It’s the flip side: the deep psychological health that emerges surprisingly often when people have a close brush with a disaster like Hurricane Florence
A new book about psychedelics conveys their subversive, estranging weirdness.
Downplaying the casualties from natural disasters undermines future preparations
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The Hubble Space Telescope could start sending photos back to Earth as soon as tomorrow if engineers can fix electrical problems that have prevented the instrument from working fully since the end of last month, NASA officials say.
Space tourist Richard Garriott is back on Earth after spending 12 days in the cosmos.
Garriott and two Russian Expedition 17 crew members of the International Space Station (ISS) landed their Soyuz TMA 13 spacecraft in Kazakhstan at 11:37 Eastern Daylight Time last night, according to NASA.
Republican presidential candidate Sen. John McCain has a 6 percent chance of dying of the skin cancer melanoma in each of the next two years, says a doctor who specializes in the design of medical trials.
More than a decade after driving their jet-powered Thrust SSC (for super sonic car) an ear-popping 763 miles (1,228 kilometers) per hour, a team of British engineers and pilots has set its sites on a new record: to build a car by 2011 that can travel faster than 1,000 miles (1,610 kilometers) per hour, BBC News reports.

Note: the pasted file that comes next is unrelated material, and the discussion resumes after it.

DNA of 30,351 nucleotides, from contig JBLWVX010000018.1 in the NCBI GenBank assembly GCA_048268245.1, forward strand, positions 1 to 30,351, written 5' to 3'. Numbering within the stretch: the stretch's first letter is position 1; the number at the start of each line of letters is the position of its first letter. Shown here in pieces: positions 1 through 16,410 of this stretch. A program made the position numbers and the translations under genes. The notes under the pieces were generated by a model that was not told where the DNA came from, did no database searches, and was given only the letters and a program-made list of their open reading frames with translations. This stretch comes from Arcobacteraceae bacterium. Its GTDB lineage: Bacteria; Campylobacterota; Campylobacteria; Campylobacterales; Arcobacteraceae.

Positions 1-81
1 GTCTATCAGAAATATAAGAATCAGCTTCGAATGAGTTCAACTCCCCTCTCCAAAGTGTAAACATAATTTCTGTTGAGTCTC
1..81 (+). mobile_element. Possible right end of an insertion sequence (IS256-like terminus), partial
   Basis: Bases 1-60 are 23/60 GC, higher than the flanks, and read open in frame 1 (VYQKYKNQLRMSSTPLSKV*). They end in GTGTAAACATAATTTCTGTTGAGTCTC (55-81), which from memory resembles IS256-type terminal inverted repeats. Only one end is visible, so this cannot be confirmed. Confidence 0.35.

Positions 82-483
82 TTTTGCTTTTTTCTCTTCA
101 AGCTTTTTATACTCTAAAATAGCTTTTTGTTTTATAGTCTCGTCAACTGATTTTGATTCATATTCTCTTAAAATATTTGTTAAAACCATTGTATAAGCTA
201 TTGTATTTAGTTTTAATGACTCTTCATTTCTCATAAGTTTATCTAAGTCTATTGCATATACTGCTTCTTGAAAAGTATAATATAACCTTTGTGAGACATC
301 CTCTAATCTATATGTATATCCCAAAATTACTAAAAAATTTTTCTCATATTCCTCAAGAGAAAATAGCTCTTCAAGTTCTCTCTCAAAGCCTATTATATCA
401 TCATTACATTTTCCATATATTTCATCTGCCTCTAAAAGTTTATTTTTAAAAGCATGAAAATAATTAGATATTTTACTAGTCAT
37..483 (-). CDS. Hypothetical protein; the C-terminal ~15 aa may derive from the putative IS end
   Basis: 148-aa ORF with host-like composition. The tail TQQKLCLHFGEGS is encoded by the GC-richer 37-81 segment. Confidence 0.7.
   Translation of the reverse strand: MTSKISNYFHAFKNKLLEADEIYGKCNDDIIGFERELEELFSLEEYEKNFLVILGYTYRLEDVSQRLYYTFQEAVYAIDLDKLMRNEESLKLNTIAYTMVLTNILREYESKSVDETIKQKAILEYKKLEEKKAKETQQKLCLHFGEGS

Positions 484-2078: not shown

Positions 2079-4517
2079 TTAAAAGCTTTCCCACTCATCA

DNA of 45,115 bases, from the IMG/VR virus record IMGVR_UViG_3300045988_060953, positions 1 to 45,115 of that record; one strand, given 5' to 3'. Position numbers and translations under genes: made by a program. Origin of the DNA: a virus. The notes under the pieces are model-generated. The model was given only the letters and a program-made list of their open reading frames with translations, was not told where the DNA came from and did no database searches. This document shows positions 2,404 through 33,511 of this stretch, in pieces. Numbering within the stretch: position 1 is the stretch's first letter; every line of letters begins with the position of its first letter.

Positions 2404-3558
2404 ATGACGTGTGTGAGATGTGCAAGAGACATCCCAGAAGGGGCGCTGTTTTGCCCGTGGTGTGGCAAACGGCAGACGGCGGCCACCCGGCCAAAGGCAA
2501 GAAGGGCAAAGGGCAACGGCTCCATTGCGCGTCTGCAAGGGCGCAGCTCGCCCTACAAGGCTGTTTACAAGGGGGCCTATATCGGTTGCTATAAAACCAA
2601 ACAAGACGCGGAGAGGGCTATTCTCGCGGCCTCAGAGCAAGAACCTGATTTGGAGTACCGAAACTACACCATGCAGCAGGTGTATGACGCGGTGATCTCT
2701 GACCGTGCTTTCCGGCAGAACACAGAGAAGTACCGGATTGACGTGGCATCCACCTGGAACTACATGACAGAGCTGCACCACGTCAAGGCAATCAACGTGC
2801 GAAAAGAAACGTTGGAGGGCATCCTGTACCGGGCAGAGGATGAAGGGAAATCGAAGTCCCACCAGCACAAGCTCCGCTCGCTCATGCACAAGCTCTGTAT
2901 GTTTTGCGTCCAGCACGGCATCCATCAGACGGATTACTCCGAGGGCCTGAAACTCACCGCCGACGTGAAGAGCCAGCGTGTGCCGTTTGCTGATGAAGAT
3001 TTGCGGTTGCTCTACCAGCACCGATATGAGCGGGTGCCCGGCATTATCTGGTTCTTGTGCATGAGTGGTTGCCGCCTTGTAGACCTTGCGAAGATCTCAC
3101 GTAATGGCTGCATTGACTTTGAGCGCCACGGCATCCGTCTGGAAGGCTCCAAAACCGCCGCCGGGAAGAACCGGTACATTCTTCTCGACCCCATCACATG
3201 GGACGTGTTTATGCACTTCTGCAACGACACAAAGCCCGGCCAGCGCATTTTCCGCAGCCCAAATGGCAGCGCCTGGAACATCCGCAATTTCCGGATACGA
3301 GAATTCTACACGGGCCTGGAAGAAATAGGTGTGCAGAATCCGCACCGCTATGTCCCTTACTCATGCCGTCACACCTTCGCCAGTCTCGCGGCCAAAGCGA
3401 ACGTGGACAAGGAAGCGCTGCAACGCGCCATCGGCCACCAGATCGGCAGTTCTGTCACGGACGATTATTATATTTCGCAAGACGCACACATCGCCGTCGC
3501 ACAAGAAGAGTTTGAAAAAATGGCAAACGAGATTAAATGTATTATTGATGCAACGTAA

The huge marketing push around the cervical cancer vaccine Gardasil, and anecdotal reports about girls fainting after getting the shots, may have you second-guessing its safety. New data may ease your mind.
Carbon has been clobbered in the headlines lately for its link to global warming and pollution. But is this much-maligned element—the fourth most abundant in the universe—getting a bum rap?
The alternative-energy automobile company known as Better Place plans to bring the same electric car system already in the works for Israel and Denmark to Australia.
So much for retirement. Microsoft founder Bill Gates is reportedly creating a new company to coordinate business for the software giant and his philanthropic Gates Foundation.
You know the famous – some would say infamous -- studies done in the 1950s by University of Wisconsin, Madison, psychologist Harry Harlow in which he separated macaque monkeys from their mothers and put them in cages, where they were then given a choice of bonding with surrogate cloth moms or sucking milk from a baby bottle on a wire?
Pregnant women with symptoms of depression are twice as likely to deliver their babies early as those who don't show signs of sadness, new research shows.
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